Against the backdrop of high oil prices, stock market players and industry experts continue wondering who Beijing will bet on: Middle Eastern producers, who are mostly not bound by sanctions; or on Russian suppliers, whose products are “toxic” from the Western point of view, but until recently were offered at discounts. Experts told MK about the peculiarities of the unfolding “oil war” that Russia is waging for the Chinese market.

– Russia relies on the Asian market in its foreign oil supplies. How justified is this?

Vladimir CHERNOV, Freedom Finance Global analyst:

– This is a necessary measure. Because of the sanctions announced against us, it is now much more profitable for Russia to supply oil to Asian countries. Previously, the advantage of exporting energy resources to Europe was due to relatively cheap transport services and the close geographical location of importers. Now, thanks to the reduction in the discount on Russian “black gold,” exporting hydrocarbons to Asian trading platforms is no less convenient and profitable than to Western markets in the past. The East is increasing the demand for petroleum products at an accelerated pace, so the bet on this particular direction is completely justified.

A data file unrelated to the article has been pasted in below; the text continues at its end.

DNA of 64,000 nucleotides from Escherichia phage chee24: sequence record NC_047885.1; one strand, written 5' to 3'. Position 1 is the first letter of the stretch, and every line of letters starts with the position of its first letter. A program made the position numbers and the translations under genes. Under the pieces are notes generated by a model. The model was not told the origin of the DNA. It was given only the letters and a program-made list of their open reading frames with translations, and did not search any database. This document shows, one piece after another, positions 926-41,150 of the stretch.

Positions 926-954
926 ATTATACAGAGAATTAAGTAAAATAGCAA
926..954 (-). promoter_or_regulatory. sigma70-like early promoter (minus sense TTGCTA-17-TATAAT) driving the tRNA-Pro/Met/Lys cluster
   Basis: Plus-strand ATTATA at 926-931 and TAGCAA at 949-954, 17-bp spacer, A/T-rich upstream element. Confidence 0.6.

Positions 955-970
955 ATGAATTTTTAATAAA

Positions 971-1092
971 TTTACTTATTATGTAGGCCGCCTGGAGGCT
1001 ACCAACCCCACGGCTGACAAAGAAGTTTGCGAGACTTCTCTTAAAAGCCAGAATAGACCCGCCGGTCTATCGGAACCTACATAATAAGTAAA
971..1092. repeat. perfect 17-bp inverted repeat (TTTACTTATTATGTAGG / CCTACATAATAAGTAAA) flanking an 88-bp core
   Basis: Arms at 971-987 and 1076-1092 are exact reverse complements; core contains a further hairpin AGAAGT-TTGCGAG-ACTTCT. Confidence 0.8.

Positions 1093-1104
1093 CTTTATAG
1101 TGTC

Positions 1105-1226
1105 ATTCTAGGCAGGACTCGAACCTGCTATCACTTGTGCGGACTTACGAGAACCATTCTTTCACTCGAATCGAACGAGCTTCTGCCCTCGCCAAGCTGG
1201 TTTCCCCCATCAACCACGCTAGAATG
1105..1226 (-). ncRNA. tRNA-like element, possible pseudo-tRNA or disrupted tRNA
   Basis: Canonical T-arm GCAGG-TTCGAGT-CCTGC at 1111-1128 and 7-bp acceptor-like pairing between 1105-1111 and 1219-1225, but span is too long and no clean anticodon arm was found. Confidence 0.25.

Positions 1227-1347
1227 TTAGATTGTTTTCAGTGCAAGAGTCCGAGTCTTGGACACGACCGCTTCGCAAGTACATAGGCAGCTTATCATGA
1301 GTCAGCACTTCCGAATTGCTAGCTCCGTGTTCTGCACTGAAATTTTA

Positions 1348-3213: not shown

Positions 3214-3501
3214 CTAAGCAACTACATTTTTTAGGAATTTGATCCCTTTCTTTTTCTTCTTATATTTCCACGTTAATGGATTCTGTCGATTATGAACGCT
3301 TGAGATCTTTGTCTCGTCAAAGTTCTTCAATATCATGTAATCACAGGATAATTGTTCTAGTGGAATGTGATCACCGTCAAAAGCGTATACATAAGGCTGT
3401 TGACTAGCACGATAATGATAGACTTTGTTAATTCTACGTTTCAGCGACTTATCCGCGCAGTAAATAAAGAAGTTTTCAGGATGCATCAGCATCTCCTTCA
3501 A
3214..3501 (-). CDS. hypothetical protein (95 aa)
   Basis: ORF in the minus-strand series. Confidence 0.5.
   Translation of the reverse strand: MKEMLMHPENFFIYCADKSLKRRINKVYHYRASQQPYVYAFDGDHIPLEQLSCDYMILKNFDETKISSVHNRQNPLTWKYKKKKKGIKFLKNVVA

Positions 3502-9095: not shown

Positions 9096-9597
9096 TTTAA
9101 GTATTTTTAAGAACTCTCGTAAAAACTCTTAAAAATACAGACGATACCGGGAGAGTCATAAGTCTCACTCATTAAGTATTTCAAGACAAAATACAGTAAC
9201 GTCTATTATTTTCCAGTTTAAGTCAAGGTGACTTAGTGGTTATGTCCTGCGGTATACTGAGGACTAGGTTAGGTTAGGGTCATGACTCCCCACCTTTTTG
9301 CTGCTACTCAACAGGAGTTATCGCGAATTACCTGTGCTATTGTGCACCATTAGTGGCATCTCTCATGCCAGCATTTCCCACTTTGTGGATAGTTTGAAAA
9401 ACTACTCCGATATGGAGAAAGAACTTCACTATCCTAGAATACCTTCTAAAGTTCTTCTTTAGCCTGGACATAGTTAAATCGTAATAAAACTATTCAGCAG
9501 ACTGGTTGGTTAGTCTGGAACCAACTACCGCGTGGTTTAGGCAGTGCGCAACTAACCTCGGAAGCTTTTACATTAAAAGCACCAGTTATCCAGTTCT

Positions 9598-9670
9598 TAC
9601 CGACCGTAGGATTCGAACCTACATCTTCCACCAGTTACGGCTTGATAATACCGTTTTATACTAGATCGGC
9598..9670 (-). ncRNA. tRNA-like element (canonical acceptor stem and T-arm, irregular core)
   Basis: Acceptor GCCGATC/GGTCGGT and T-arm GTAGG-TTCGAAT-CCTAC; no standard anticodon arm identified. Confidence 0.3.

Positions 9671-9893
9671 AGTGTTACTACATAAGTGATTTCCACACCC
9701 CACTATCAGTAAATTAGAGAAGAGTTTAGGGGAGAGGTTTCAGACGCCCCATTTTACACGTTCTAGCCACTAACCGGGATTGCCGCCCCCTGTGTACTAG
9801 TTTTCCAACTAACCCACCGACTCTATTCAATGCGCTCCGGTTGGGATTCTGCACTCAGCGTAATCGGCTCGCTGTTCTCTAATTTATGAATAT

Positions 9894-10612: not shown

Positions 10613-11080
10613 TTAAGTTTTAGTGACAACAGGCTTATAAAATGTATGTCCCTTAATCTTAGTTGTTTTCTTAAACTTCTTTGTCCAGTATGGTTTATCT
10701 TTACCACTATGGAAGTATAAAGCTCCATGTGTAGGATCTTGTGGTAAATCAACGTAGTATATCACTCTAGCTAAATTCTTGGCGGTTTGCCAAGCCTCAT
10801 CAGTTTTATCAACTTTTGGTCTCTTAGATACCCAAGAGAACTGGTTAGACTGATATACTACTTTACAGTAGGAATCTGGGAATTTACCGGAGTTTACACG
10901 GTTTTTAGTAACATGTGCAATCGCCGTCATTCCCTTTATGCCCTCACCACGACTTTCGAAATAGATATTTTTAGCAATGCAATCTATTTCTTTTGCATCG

Dmitry ALEXANDROV, head of the analytical research department of IVA Partners:

– And earlier, Russian companies gradually expanded their course towards the eastern direction, intending not so much to diversify as to balance the geography of supplies. Russian oil has its own physical and chemical characteristics, which is important for Asian refineries. Our exporters have the ability to sell both heavy and light, low-sulfur oil of various grades. In this sense, competition with Middle Eastern suppliers in itself is not terrible. More important is the connection with the overall dynamics of global and regional demand and production volumes in other regions. Not only in OPEC+ countries. Of great importance is the unification and improvement of the system of connecting Russian export pipelines with the largest fields – from the western to the eastern borders.

Vladislav ANTONOV, financial analyst at BitRiver: